Spinning Tops

Ephesians 6:10-20

In Balmorhea, Texas, children learn to amuse themselves. In the days before X-Box, Nintendo, or even Atari, kids participated in all the dangerous pastime activities, such as riding bicycles (sans the helmet), skateboards (also free of cranial protection), wrist-rockets with sparrows as targets (sorry PETA), and marbles (shooting “knock-out” with the little ones in order to win the big ones). One favorite pastime for Tom Greenhill and me was spinning tops.

Two houses down from the parsonage there was a cement slab which, at one time, had been a house. The house had been torn down, so only the foundation remained. That hunk of smooth concrete served as a boxing ring, chalkboard, and a venue for world-champeen marbles and tops. Today, it would be suitable for the modern robot-wars.

tops

Spinning tops takes a bit of skill. First, you have to learn to properly wind the string, not too tight, not too loose.  You have to get a good slip-knot in the other end, the finger end.  Mastering a good grip is a bit like pitching in baseball. Different grips get different results when the top is released. Also, the spinner must learn how to spin a top that has been damaged. It was common to knock a chunk of wood out of the top, thus making it less stable in spinning.

I was still mastering baseball and football. My right eye was crossed. Yes, I was cross-eyed. The result was, even with thick, black-framed glasses, I had difficulty with depth-perception, and still do, to some measure. Therefore, I often got hit square in the face with a football or baseball. I was good at spinning tops, though.

A bit of background information is in order.  When I wasn’t in school, my attire was always the same, cut-off blue jean shorts…period. Shirts and shoes were a bother. The path to the concrete slab was fraught with peril and pitfalls.  One route was the caliche road, gravel and rocks. The other route was straight across the grassburrs. But the slab was worth the effort. Shoeless, I would brave the minefield to reach the arena.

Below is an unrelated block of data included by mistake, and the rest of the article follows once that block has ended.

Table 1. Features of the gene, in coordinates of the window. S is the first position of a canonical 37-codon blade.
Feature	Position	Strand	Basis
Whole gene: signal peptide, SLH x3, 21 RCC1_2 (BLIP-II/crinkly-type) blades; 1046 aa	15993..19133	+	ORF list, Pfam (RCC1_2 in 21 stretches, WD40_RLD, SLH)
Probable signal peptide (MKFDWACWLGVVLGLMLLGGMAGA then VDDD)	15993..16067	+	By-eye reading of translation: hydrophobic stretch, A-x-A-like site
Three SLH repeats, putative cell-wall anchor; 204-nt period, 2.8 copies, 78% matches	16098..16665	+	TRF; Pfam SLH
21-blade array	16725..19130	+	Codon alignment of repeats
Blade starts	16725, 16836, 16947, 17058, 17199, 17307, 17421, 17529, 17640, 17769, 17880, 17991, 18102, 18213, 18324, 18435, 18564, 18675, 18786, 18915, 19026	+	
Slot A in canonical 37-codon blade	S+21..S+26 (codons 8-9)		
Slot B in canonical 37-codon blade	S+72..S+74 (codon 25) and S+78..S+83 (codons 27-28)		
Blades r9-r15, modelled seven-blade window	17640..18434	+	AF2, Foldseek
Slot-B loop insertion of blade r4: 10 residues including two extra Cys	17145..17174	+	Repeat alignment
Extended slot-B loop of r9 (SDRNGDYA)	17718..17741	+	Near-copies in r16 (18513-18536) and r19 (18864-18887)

On one particular occasion, Tom and I had agreed to meet at the slab for a Top-o-rama. He was in a hurry, as I was navigating the goatheads. Finally, he said, “I’ll give you a piggy-back. Just get on!”  Tom had a weakness for shoes, but I gave in and climbed on. (I’ve often wondered why that mode of transportation was called “piggy-back.” Perhaps a reader can enlighten me in the comments.) Tom carried me over to the slab, and just as we got there, he lost his footing.  I tumbled off at an angle and hit the corner of the concrete head first. Bang!

I got up and was wondering how much damage had been done when Tom’s eyes got really big. “Oh my gosh! Are you okay?” I looked down, and there was a pool of blood on the concrete.  “I guess I need a band-aid!” With blood running down my face, Tom piggy-backed me again through the minefield, and to the next yard. Then chaos. My sister, Pennye, saw the event and ran home in shock. My grandmother, Mammaw, had just arrived for a visit. Pennye was out of breath and trying to tell my mother what happened.  “Wes just cut his head o– (breath), o– (breath)…” Instead of filling in the blanks with “open,” my grandmother decided she was trying to say, “off.” She was distraught.  By the time I got to the house, there was mass hysteria.

Needless to say, I did not cut my head off.  I did cut it open.  My mother got some scissors and cut away the hair around the gash. She washed off the blood and put a criss-cross design with two band-aids, then wiped the rest of the blood from my face.  Within an hour, I was back in action.  For months afterward, I would proudly show the blood-stained slab to my friends, who were in awe that I could have survived such a catastrophe. I still rode my bicycle and skateboard without a helmet, and I have been known to ride my motorcycle the same (although I insist my passengers don’t). Shoes were still years away from being necessary.  I still have a dent on the right front lobe.

In retrospect, protective clothing has become more valuable to me over the years. On many occasions, I have found myself wishing I had taken the extra time to be prepared. Our enemy does not fight fair. It is much easier to have protection and not need it than to need it and not have it. Enjoy the Apostle Paul’s exhortation on the subject, and put on your armor.

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Published in: on August 15, 2017 at 9:42 am  Leave a Comment  

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